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Ready, Set, Free

When Jesus saw her, he called her over and said to her, “Woman, you are freed from your disability.”

Luke 13:12
Ready, Set, Free Book Cover


She was in the synagogue! If anything should shock us about this passage, it’s that this woman was in the synagogue.

Eighteen years without control of her own body. Eighteen years spent doubled over, having a clear view of people’s feet but not their faces. She’d spent all those years without the ability to stretch her body, restricted and in pain, unable to look up at the sky on a sunny day, unable to meet the embrace of the people she loved and the people who loved her. But she was in the synagogue, the place where the people of God went to worship.


We don’t know what had happened in this woman’s life eighteen years prior to leave her in this state. Luke doesn’t give us any details. We only know that, whatever it was—whatever she had done, or whatever had been done to her—this woman’s life had been changed forever.

Somewhere along the way, she’d encountered a spirit that had taken over her body. She was trapped and in bondage.

It can be hard to imagine the scene. We live more than two thousand years removed from this woman. In Western culture, we don’t often talk about the supernatural. We have complex, intellectual, scientific answers to meet what we assume are complex, intellectual, scientific problems we encounter in our everyday lives. Yet, if we’re honest, even two thousand years removed our world is not all that different from the woman’s world. Sometimes all the complex, intellectual, scientific answers we have simply aren’t enough to alleviate our suffering. Sometimes we’re still left wanting.

The Bible will tell us explicitly when a person is suffering from a physical illness. But while it’s clear that the woman was suffering, Luke makes it equally clear that the root of her problem ultimately wasn’t physical but spiritual. And the truth is, when it comes to our spiritual lives, we’re just like this woman. Maybe our spiritual problems don’t leave us doubled over for eighteen years, but the chal lenges can still thwart us. Augustine had a phrase for it: incurvatus in se, the life bent over on itself.1 He understood that our spiritual lives, when not in check, would lead us to self-preoccupation, turning us inward and robbing us of the love, joy, and community we were made for. (Note: Augustine was a theologian of the late Roman period whose writings greatly influenced Western Christianity and philosophy.)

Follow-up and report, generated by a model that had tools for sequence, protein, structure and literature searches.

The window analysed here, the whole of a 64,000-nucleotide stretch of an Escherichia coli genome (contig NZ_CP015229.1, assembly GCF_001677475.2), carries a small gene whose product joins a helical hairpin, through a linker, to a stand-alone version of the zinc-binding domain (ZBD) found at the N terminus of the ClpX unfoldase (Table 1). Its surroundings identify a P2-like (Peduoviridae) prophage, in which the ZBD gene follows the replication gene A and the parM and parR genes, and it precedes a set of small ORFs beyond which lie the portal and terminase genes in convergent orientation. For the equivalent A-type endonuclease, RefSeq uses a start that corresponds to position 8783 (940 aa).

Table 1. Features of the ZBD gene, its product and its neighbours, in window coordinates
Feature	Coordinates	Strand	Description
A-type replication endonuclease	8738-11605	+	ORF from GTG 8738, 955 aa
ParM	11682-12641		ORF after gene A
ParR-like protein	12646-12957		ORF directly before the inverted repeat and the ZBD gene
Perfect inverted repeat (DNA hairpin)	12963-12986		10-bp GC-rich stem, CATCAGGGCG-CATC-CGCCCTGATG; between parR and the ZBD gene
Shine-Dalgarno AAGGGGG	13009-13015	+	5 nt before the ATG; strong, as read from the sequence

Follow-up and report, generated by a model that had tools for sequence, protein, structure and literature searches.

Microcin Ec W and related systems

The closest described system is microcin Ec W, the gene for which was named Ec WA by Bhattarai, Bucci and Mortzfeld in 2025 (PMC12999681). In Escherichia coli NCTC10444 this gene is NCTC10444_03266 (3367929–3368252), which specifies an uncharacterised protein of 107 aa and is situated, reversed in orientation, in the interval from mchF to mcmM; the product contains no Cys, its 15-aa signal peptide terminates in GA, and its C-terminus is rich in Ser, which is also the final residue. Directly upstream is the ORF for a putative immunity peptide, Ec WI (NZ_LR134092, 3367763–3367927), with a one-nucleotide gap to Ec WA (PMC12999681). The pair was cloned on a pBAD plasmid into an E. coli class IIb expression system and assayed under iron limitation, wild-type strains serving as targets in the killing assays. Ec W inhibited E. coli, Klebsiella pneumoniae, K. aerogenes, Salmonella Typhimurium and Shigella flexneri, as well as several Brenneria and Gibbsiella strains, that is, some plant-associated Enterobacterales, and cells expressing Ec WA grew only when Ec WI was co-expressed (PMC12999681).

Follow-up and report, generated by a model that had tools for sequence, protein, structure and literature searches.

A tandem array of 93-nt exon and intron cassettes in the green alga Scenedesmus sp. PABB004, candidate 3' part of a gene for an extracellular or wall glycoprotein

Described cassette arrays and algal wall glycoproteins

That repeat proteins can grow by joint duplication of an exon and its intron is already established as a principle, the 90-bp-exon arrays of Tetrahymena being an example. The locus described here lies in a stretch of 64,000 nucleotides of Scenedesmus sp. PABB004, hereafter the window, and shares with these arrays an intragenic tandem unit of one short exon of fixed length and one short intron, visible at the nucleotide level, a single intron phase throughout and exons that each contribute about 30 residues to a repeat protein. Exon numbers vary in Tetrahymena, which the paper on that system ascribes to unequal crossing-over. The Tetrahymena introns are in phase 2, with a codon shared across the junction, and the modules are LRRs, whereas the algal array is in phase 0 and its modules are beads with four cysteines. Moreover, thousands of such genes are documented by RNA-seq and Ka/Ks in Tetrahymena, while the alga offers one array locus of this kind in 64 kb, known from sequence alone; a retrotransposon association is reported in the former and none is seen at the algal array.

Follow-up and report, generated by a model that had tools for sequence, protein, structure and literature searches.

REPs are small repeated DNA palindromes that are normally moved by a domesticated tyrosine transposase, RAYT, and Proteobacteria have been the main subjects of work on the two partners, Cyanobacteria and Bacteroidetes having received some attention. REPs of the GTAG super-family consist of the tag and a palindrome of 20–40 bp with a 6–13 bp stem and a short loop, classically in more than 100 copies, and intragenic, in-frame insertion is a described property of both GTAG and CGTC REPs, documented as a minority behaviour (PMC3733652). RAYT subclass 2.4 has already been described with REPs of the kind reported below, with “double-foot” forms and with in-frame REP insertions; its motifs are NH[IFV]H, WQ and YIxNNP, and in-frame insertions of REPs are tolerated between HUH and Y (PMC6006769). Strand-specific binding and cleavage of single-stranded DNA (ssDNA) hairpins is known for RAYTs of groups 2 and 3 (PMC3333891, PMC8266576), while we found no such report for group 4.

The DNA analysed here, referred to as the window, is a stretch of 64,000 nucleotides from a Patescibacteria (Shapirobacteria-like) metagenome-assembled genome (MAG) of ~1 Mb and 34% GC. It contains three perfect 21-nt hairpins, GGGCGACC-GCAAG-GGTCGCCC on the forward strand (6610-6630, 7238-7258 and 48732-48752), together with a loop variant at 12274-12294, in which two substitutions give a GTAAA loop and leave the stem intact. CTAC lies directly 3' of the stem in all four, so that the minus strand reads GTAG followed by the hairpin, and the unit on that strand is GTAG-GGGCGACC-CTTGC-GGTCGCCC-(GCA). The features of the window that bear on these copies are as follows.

This woman’s spiritual condition had left her so debilitated she couldn’t see Jesus. But Luke tells us that Jesus saw her. And even though we’re not told outright, we can be sure that Jesus took compassion on her
because when he saw her, he called her over and, without asking so much as a single question about the circumstances that had led to her bondage, he set her free.

We all have things we tolerate in our lives—toxic relationships, mental or physical ailments, or addictions. Maybe they’re things we once asked for freedom from, but we’ve since given up hope. Maybe they’re things we don’t
think Jesus is interested in changing.But we all live with bondage. The question is, do we really believe Jesus has come to set us free?


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Comments (9)